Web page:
President Trump and the Middle East

The following piece reflects the opinions of Dr. Paul J. Sullivan and does not reflect the views of the Federation of American Scientists.

I approach this article with some degree of uncertainty and trepidation. The uncertainty is due to the public vagueness about what president-elect Donald Trump’s policies towards the Middle East may be. The trepidation is due to a combination of that uncertainty and the realities of the fluid, dangerous and volatile nature of the region as it is today — and likely will be in the future — and how getting this right is so important for the United States.

The impression one gets is that a President Trump would want to scrap the Joint Comprehensive Plan of Action (JCPOA), or the “Iran Deal.” The Iran Deal is hardly the gold standard of diplomatic agreements. It has many faults. I am on record as being critical of it for many reasons that go beyond the scope of this small memo. However, there is a certain asymmetry to diplomacy. A deal was struck to contain uranium enrichment in Iran to certain levels and amounts. A large number of the centrifuges were dismantled (yet are still in Iran), and many of the other provisos of the deal have been followed, albeit not perfectly, with some concern by outside parties. It is a limited document and fails to deal with ballistic missiles and Iran’s aggressive behavior in the region inter alia.

However, ripping this deal up could easily be seen as the green light for Iran to go right back to what it was doing prior to the deal — developing enriched uranium from centrifuge cascades that could lead to nuclear weapons development. Ripping this deal up could bring Iran into a political and military boil. It is already problematic and aggressive in many areas, particularly in Syria, Yemen, Bahrain, Saudi Arabia, and Iraq. Ripping up a flawed document could create far greater and more negative consequences than keeping the flawed document. It might also lead to greater tensions between the mostly Sunni Gulf Cooperation Council (GCC) and mostly Shia Iran.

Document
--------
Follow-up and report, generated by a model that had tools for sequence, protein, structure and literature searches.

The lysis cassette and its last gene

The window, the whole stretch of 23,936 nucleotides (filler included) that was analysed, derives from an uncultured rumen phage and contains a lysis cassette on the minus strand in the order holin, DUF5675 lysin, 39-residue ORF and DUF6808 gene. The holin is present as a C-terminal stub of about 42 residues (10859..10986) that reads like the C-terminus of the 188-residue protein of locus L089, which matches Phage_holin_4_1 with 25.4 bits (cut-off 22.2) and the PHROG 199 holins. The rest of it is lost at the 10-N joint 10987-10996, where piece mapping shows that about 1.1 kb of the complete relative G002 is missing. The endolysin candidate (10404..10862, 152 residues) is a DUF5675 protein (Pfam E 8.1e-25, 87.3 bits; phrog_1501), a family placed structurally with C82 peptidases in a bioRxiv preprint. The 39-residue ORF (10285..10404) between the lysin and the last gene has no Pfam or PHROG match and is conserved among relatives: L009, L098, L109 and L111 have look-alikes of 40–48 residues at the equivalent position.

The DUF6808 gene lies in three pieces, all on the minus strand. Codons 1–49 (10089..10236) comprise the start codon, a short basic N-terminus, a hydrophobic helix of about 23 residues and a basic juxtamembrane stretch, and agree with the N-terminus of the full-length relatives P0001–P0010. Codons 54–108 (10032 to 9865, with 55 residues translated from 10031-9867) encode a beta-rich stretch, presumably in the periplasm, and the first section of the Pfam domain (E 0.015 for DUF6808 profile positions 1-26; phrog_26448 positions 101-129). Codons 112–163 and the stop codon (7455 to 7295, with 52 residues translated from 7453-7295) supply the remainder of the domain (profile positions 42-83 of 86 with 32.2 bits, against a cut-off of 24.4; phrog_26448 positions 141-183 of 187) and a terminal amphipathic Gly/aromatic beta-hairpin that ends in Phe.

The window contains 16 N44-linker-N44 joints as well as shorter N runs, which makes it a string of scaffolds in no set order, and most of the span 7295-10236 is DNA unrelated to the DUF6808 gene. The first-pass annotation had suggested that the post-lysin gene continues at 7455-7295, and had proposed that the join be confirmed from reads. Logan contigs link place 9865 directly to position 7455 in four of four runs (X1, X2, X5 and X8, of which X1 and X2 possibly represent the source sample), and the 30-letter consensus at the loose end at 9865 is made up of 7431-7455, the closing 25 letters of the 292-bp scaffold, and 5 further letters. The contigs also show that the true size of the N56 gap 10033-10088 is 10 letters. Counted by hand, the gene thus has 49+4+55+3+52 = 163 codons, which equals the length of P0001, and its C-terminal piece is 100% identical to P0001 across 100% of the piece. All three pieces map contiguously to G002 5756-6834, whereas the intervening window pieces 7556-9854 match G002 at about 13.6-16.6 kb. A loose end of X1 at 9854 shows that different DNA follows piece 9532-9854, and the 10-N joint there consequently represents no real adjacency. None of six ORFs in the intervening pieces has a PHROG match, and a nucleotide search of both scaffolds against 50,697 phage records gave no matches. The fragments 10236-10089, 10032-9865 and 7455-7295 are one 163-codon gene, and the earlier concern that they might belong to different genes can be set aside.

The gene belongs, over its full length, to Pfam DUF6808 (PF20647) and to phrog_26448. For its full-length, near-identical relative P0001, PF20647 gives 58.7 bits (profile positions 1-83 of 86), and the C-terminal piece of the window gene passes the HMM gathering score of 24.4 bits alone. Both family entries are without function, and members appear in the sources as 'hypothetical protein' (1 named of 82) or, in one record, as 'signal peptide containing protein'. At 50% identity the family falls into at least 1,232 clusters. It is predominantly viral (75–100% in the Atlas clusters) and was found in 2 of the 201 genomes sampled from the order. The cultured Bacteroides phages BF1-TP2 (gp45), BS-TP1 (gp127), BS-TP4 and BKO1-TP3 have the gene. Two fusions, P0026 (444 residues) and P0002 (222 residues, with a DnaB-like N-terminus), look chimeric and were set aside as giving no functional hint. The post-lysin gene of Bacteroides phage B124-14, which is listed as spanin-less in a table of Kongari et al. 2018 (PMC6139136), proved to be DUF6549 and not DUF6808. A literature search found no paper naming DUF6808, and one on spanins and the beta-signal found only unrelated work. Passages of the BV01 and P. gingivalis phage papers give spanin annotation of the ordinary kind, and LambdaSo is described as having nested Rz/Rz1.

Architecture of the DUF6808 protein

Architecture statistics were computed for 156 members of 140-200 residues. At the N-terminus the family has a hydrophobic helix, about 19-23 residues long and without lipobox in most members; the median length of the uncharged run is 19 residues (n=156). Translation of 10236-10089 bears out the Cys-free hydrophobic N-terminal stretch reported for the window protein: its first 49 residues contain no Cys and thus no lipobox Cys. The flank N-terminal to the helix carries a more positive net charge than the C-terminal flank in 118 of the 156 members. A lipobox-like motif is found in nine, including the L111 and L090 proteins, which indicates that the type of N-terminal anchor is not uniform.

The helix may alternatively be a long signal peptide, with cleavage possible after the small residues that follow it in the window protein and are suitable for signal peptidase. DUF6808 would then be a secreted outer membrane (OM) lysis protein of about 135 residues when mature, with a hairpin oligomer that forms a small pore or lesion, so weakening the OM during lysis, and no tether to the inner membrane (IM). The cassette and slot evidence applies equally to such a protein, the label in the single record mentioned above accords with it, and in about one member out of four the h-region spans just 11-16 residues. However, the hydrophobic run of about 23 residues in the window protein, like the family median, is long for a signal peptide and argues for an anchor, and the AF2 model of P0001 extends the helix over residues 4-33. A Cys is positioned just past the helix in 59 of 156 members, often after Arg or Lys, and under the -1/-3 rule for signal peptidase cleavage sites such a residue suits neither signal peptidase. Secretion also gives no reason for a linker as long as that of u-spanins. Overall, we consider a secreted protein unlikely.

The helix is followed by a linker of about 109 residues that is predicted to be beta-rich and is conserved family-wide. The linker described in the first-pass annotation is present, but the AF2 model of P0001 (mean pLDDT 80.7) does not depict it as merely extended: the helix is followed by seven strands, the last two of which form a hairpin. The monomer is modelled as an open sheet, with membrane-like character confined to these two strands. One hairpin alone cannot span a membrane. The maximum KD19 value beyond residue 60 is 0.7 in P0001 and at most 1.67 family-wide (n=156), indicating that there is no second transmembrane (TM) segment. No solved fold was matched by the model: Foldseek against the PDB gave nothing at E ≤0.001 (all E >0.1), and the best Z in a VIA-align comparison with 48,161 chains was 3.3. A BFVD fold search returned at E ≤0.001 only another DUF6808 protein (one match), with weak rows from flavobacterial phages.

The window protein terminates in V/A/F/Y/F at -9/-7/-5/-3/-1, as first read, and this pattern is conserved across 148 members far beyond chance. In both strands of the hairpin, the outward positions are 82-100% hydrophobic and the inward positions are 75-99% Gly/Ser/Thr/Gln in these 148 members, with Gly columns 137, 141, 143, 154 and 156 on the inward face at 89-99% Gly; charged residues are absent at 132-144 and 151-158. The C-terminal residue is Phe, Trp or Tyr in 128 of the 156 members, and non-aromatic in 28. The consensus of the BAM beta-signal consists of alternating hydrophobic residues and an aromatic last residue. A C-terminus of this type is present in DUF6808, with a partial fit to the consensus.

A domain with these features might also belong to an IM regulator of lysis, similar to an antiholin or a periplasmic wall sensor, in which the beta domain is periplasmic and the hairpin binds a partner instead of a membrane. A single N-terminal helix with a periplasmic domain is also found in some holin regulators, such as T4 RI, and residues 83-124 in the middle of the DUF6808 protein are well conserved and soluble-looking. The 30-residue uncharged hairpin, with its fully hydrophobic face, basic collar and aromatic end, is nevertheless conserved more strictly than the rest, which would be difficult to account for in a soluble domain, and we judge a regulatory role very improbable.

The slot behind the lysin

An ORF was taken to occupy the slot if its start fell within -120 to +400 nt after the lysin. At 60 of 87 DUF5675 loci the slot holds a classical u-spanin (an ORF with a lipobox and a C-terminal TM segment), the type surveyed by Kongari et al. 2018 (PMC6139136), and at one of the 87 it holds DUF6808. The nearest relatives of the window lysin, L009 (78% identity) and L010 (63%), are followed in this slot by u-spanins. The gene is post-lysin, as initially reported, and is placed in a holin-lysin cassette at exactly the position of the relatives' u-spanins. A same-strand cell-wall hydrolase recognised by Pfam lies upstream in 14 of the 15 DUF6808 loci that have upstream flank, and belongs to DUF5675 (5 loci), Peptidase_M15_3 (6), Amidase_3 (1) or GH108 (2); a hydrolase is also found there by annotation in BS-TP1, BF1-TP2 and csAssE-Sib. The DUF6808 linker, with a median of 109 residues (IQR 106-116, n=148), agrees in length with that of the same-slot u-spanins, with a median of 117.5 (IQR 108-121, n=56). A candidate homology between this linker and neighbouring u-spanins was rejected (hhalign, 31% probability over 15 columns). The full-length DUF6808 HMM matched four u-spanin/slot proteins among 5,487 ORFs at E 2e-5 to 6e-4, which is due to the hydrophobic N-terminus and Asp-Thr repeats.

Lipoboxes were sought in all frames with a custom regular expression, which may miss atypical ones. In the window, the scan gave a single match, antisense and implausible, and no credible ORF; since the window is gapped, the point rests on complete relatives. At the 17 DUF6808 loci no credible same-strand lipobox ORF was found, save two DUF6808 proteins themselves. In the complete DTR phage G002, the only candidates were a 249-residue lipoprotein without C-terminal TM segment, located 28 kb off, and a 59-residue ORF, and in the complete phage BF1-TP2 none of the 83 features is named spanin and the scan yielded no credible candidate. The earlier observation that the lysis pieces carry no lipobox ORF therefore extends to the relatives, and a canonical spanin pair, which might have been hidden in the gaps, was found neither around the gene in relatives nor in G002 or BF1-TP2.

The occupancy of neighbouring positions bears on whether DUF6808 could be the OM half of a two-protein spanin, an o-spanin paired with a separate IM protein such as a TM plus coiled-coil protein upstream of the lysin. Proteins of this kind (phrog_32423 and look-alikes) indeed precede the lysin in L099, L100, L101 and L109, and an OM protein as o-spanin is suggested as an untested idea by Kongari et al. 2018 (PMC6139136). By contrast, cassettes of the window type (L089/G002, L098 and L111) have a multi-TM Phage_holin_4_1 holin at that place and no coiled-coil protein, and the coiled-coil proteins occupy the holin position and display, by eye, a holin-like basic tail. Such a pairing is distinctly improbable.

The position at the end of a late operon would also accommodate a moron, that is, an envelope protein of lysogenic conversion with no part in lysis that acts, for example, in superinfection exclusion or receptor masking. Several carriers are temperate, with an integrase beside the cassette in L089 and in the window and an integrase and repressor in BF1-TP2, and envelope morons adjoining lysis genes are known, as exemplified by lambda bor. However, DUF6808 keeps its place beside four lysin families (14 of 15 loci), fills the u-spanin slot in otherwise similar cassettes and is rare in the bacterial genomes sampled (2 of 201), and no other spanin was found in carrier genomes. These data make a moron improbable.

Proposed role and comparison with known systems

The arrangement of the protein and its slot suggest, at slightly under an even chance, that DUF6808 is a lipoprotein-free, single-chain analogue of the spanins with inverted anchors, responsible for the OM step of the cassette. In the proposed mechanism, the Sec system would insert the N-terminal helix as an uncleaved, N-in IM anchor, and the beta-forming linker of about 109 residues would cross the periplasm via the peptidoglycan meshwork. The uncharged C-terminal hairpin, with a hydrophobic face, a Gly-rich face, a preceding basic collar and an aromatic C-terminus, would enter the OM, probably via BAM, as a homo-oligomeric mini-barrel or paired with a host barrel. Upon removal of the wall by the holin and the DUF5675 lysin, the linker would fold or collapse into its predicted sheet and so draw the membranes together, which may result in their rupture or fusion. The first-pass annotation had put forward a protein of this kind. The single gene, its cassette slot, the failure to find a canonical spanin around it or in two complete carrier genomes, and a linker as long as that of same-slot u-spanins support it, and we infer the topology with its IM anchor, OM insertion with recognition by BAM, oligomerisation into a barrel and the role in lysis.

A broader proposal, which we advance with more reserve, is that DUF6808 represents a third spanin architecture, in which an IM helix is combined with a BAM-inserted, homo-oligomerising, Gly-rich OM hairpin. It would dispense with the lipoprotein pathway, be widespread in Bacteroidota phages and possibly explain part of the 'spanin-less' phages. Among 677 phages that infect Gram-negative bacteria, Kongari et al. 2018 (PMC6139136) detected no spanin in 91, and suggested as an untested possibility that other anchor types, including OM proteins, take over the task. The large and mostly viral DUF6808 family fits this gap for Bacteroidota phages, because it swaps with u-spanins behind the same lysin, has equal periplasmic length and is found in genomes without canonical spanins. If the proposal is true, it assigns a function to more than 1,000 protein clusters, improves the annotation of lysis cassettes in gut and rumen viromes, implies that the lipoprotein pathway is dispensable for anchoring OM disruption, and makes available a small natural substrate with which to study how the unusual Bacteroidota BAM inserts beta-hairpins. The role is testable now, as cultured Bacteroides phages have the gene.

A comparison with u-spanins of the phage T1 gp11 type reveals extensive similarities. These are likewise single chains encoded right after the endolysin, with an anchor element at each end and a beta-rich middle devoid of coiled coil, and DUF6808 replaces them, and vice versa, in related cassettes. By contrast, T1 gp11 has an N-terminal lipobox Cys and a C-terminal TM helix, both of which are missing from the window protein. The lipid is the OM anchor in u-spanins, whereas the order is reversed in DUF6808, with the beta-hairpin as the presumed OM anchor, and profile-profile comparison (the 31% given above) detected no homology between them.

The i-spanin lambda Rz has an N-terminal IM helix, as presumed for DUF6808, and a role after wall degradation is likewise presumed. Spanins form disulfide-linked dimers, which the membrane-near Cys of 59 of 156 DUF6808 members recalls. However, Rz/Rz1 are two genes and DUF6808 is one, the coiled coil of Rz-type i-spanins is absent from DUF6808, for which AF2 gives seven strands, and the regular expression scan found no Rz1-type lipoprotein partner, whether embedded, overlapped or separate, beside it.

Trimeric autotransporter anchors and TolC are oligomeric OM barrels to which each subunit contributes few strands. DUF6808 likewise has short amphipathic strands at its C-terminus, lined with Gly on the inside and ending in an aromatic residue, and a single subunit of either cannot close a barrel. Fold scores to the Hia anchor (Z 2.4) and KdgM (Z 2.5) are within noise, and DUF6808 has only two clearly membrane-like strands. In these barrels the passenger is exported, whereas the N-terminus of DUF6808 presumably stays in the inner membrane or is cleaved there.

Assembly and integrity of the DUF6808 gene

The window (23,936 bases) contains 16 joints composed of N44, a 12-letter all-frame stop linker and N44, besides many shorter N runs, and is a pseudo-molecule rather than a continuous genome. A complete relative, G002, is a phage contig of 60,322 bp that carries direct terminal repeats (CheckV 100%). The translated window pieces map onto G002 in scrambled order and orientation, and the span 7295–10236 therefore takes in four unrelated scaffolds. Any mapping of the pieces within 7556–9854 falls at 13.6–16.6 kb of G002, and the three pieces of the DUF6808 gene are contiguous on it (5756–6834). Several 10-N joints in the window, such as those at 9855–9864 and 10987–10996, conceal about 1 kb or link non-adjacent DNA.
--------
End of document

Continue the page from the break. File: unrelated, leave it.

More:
President-elect Trump will also have to deal with the disasters of Syria, Libya, and Yemen. Each of these countries needs to be rebuilt and moved forward if any sort of peace is to be won. There is no question of this. History shows those countries that are in wars, especially those with many ethnic and tribal differences, need to get back on their economic feet as soon as possible, or they will go right back into war. Winning battles and dropping bombs is a lot easier than winning the peace. Syria, Libya, and Yemen could prove to be far more difficult than Iraq, which continues to struggle with this.

President-elect Trump will need to deal with the chronic and seemingly insolvable Palestinian-Israeli issues, which are also projected as Israeli-Arab and Israeli-Muslim issues for a large part of the world. Solving these issues could help resolve many others, but will not necessarily resolve many others. There is so much work to do on so many problems in the region that it is immensely daunting and even paralyzing for some to even think about them as a whole. Each issue may be taken on separately, but it does not take long to figure out how intertwined and recursive so many of the issues are.